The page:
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A legitimate Broadway theatre located at 302 West 45th Street in midtown-Manhattan. Designed by architect G. Albert Lansburgh for vaudeville promoter Martin Beck, the theatre opened as the Martin Beck Theatre with a production of Madame Pompadour on November 11, 1924. It was the only theater in New York that was owned outright without a mortgage. It was designed to be the most opulent theater of its time, and has dressing rooms for 200 actors. The theatre has a seating capacity of 1,292 for plays and 1,282 for musicals.
This is one of five theatres owned and operated by Jujamcyn Theaters. Source: en.wikipeddia.org
The Shubert Theatre is a legitimate Broadway theatre located at 225 West 44th Street in midtown-Manhattan, New York, United States.
Designed by architect Henry B. Herts, it was named after Sam S. Shubert, the oldest of the three brothers of the theatrical producing family. It shares a Venetian Renaissance facade with the adjoining Booth Theatre, which was constructed at the same time, although the two have distinctly different interiors. It opened on October 21, 1913 with a series of Shakespearean plays, including Othello, Hamlet, and The Merchant of Venice, staged by the Forbes-Robertson Repertory Company.
The theatre's most famous and longest tenant was A Chorus Line, with a run of 6137 performances lasting nearly fifteen years.
The top floor of the building houses the offices of the Shubert Organization. The theatre's auditorium and murals were restored in 1996. It has been designated a New York City landmark. Source
The Music Box Theater is a legitimate Broadway theatre located at 239 West 45th Street in midtown-Manhattan.
The most aptly named theater on Broadway, the intimate Music Box was designed by architect C. Howard Crane and constructed by composer Irving Berlin and producer Sam H. Harris specifically to house Berlin's famed Music Box Revues. It opened in 1921 and hosted a new musical production every year until 1925, when it presented its first play, Cradle Snatchers, starring Humphrey Bogart. The following year, Chicago, the Maurine Dallas Watkins play that served as the basis for the hit musical, opened here. It housed a string of hits for the playwriting team of George S. Kaufman and Moss Hart, from their first collaboration Once in a Lifetime to their smash hit The Man Who Came to Dinner. Cole Porter and George and Ira Gershwin also presented shows here. Source
Known over the years as the National, the Billy Rose and the Trafalgar, The David T. Nederlander Theatre stands in honor of the patriarch of the Nederlander Family, now in it's third generation as the owners and operators of many of the most distinguished theatres and concert venues throughout America.
Built in 1921, some of the best known plays have been presented here including Cyrano de Bergerac, Private Lives, Julius Caesar, King Lear, and Who's Afraid of Virginia Woolf. One of its most distinguished attractions was Lena Horne: The Lady and Her Music, for which she won a special Tony Award®.
Lanford Wilson's Pulitzer Prize-winning comedy Talley’s Folly returns in a joyful and moving new production starring Tony Award® nominee Danny Burstein (Golden Boy, Follies) and Emmy® and Golden Globe® nominee Sarah Paulson (“American Horror Story,” Roundabout’s Crimes of the Heart).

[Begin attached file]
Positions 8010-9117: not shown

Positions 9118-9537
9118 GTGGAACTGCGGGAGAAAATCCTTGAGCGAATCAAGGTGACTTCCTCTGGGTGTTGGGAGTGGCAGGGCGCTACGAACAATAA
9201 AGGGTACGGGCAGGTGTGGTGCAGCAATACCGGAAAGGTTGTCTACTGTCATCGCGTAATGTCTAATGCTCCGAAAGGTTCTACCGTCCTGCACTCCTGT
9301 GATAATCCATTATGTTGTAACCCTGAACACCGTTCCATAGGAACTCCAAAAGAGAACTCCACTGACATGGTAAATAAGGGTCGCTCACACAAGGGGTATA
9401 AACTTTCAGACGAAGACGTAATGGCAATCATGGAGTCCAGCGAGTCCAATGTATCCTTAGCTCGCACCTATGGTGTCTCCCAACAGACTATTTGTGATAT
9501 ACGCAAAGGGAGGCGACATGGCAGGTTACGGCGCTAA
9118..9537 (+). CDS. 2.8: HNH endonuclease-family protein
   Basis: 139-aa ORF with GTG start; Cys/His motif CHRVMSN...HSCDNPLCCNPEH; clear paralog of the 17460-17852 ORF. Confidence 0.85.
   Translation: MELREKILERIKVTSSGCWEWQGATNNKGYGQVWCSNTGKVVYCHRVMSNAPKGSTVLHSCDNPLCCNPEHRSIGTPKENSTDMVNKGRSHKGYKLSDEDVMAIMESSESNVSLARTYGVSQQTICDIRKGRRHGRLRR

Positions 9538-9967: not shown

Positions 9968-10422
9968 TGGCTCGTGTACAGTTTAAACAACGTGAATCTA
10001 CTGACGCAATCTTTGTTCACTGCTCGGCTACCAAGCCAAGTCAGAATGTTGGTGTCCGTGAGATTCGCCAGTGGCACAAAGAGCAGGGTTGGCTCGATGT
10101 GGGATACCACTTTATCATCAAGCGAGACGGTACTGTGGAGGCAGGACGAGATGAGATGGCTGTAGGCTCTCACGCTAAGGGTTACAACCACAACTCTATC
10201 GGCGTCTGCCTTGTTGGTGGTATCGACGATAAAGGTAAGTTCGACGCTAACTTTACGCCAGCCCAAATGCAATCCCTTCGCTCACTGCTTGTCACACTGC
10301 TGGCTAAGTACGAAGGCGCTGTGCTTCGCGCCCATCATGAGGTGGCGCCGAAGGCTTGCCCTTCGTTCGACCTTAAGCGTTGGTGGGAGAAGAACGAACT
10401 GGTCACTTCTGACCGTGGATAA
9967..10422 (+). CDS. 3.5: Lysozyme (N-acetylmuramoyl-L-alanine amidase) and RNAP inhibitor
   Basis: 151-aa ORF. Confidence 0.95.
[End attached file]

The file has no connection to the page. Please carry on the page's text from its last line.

At the end of World War II, Matt Friedman, a Jewish immigrant who has spent his life keeping others at a distance, returns to the small town where he first met Sally Talley. Nothing like her conservative Protestant family and neighbors, Sally is a nurse with deep misgivings about the country’s future. After a lifetime of believing they’ll never truly belong in the world around them, Matt has worked up the courage to ask Sally for her hand, and convince her that they do belong—together.
Michael Wilson (The Best Man, Roundabout’s The Milk Train Doesn’t Stop Here Anymore) directs this funny and heart-warming play about finding love when you’ve nearly given up looking.
Performances begin on February 8, 2013 with an Opening Night of March 5, 2013 at the Laura Pels Theatre in the Harold and Miriam Steinberg Center for Theatre (111 West 46th Street). This is a limited engagement through April 28, 2013.
Since 1927, this theatre was known as the Alvin. It was renamed in 1983 to honor America’s most prolific playwright, Neil Simon, following the successful engagement of Brighton Beach Memoirs, the first play of an autobiographical trilogy about his youth with his family. Fittingly, in 1985, the second play of Mr. Simon’s trilogy, Biloxi Blues played there successfully. In 1992, Mr. Simon returned again with his play, Jake’s Women.
Since 2000, the Neil Simon has been filled with music and dancing as the home to two of Broadway’s most popular productions, namely the acclaimed revival of The Music Man and, currently, the Tony Award®-winning Best Musical, Hairspray.
The Neil Simon Theatre has 1,445 seats and is one of The Nederlander Organization’s nine Broadway theatres.
The Cort Theatre is a legitimate Broadway theatre located at 138 West 48th Street in midtown-Manhattan. The Shuberts purchased the theatre in 1927.
Designed by Thomas W. Lamb, its facade was modeled after the Petit Trianon at Versailles, while architecture from the period of Louis XVI inspired the interior. The building was constructed by and named for former vaudevillean John Cort, general manager of the Northwestern Theatrical Association.
It opened on December 20, 1912 with Laurette Taylor starring in the play Peg o' My Heart, which ran for 603 performance, an auspicious start for the new venue. Numerous famous British actors have appeared at the Cort: Basil Rathbone played Dr. Nicholas Agi in The Swan in October 1923, and in April 1927 appeared as Vladimir Dubriski in Love is Like That. In October 1924 Henry Daniell appeared as Aubrey Tanqueray in The Second Mrs Tanqueray, was there again in August 1943 in Murder Without Crime, and in January 1946 appeared as Leontes in The Winter's Tale.